According to McAfee, the infection vectors that perpetrate the attack are unknown. Nevertheless, as soon as the attackers have gained access to the network, they will run a series of PowerShell scripts to migrate laterally and install the subsequent stages. Recently, the data that the attackers obtained was published online at the following address: http:// cuba4mp6ximo2zlo[.]onion.
How Enterprises Should Defend Their Operations
These malicious actors are ready to attack anytime, taking essential systems and data hostage until the demanded ransom is paid. But companies may defend themselves against attackers and the malicious schemes they devise when they have the appropriate tools and risk management methods.
Conducting Gap Analysis
In this pursuit, conducting a gap analysis assists in the identification of flaws and dangers inside a company's security program. Organizations may remain one step ahead of possible attackers and strengthen their defenses by performing systematic gap analyses and keeping track of the results.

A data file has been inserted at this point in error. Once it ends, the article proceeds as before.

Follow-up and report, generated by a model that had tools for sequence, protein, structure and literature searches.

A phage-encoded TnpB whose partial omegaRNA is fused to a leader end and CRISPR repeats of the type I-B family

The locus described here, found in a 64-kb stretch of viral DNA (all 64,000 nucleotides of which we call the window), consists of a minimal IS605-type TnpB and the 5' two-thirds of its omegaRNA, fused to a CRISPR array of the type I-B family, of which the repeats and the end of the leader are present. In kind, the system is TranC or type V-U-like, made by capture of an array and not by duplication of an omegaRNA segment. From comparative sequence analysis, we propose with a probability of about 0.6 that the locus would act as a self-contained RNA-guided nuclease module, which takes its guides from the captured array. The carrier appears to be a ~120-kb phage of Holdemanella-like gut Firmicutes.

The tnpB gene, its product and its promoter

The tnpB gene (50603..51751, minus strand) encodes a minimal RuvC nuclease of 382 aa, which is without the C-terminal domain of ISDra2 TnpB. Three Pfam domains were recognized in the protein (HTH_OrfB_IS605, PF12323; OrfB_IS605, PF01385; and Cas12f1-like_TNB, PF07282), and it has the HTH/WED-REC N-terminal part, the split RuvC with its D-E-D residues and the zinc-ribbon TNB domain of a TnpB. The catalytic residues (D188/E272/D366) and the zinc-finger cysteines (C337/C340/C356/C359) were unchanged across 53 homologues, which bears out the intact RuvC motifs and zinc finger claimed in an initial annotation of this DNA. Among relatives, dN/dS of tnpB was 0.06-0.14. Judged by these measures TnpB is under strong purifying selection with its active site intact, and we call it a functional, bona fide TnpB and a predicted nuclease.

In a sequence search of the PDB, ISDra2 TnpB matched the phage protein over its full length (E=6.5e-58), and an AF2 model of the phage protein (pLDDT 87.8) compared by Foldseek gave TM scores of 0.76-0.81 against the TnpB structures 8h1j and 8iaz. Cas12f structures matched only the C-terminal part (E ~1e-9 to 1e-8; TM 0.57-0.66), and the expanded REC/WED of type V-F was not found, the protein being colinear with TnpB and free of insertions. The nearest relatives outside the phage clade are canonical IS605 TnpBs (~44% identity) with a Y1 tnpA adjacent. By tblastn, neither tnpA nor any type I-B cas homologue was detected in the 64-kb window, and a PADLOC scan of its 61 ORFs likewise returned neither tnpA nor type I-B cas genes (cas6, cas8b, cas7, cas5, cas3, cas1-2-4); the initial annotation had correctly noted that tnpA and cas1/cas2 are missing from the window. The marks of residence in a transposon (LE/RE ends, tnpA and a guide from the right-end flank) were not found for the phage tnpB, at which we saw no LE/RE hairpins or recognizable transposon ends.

However, gap analysis is only the first step. To protect enterprises from ransomware, they must adopt a complete cybersecurity program. This involves setting up firewalls, anti-virus software, and intrusion detection systems and keeping them updated. In addition, it entails training staff on spotting and clearing phishing emails and harmful websites, adopting solid passwords and limiting access to critical data.
Deploying Penetration Testing
Penetration testing is an essential component of a comprehensive risk management approach. This entails simulating a cyber assault on a company's systems to find vulnerabilities and flaws that hackers may exploit. In this manner, a well-prepared enterprise may dramatically minimize the risk of a data breach or ransomware attack by detecting and fixing these vulnerabilities before an actual assault happens.
Establishing an Exhaustive Risk Management Security Program
Pursuing a robust cybersecurity strategy should include not just technological controls but also comprehensive policies and processes for reacting to and recovering from a security breach. This may include data backup and recovery procedures, incident response strategies, and frequent training for personnel on the best practices for data security.